Track from Day 1<br />Consider email accounts tied<br /> to social media platforms<br />Fan Page versus a “Friend/ <br /> personal Page”<br />Adapt a Policy <br />Social Media “School” for Staff<br />Update Content Often <br />Consider Time Management Tools <br />
Tips for PR Pros <br />Do what you do best<br />Stay focused on goal; don’t get bogged down by all of the tools<br />Twitter IS great tool to connect with journalists <br />Delicious = great tool to document coverage <br />Don’t treat bloggers like 2nd class media <br />Incorporate SoMe into your crisis management plan <br />
Generally AVOIDED Practices<br />Duplicating Twitter strategy on Facebook<br />Don’t post only “plain-text” status updates <br />Blocking followers to share content<br />Forgetting to comment on your follower’s content (i.e. no interaction) <br />Having 2 profiles/ profile versus a page<br />Not updating your platforms<br />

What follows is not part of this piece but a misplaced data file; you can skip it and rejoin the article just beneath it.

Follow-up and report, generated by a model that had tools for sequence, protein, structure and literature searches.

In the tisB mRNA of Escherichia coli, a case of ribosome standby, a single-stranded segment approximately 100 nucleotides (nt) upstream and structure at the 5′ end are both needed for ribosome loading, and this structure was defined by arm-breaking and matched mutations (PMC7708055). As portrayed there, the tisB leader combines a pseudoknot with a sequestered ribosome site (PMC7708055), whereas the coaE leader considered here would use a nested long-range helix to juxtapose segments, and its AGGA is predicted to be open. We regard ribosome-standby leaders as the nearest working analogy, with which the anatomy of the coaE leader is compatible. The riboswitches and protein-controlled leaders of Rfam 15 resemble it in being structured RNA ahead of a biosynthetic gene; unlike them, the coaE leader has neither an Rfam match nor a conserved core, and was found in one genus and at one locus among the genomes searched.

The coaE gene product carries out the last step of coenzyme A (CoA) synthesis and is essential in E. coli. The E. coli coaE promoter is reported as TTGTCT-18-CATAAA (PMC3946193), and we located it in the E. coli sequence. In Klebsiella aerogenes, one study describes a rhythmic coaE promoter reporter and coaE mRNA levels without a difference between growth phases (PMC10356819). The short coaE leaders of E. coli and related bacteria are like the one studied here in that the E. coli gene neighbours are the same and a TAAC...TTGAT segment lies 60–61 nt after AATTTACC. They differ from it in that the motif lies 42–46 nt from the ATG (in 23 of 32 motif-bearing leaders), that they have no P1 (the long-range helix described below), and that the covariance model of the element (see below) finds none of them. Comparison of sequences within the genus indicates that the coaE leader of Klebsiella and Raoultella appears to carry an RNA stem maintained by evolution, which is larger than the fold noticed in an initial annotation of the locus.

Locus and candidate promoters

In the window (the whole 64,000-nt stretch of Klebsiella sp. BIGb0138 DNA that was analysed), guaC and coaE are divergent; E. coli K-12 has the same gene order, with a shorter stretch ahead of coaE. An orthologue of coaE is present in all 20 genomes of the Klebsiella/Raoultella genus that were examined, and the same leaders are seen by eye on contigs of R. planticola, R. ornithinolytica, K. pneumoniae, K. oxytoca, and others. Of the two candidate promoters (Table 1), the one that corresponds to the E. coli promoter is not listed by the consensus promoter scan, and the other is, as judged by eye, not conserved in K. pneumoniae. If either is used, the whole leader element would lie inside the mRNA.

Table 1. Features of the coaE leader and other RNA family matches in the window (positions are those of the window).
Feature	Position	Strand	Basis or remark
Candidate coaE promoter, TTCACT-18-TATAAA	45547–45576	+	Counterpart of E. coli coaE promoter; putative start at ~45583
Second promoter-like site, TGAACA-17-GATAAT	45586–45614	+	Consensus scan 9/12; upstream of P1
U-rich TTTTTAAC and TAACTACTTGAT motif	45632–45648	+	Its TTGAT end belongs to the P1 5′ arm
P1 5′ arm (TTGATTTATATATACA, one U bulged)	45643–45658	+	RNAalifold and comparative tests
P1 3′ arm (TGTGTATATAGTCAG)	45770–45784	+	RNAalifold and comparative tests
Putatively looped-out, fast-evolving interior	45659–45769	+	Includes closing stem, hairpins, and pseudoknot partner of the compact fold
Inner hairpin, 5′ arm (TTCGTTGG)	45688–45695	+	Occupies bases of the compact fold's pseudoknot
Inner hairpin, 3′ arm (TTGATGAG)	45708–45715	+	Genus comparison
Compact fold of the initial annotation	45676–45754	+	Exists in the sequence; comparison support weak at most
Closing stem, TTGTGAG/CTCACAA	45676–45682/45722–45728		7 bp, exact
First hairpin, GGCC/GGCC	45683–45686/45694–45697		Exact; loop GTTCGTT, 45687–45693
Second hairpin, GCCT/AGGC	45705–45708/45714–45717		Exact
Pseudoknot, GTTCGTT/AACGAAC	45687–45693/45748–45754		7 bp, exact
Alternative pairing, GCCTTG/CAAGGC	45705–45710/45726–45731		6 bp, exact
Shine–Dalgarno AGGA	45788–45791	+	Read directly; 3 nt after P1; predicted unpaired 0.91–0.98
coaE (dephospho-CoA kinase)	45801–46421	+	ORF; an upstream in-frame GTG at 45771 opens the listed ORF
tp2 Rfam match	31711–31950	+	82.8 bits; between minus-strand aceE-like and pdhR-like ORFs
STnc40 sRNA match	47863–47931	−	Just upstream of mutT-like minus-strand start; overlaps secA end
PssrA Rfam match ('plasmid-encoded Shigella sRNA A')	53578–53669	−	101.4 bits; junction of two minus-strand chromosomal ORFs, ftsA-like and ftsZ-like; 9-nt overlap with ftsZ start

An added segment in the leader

Shanna Smith Snyder<br />Director of Communication<br />Abilene Convention and Visitors Bureau<br />325.676.2556 (Office)<br />email@example.com<br /> @shannasmith<br />@AbileneCVB<br />Contact Information<br />
Sources <br />Abilene CVB Social Media Sites (screenshots)<br />Carnival, Delta, Dell, Visit California & Goodwill websites (screenshots)<br />Flickr Commons (Photos & graphics)<br />MGH Marketing Blog (QR Code chart screenshots)<br />Social Media for Arts Service Organizations by Sarah Page (screenshots)<br />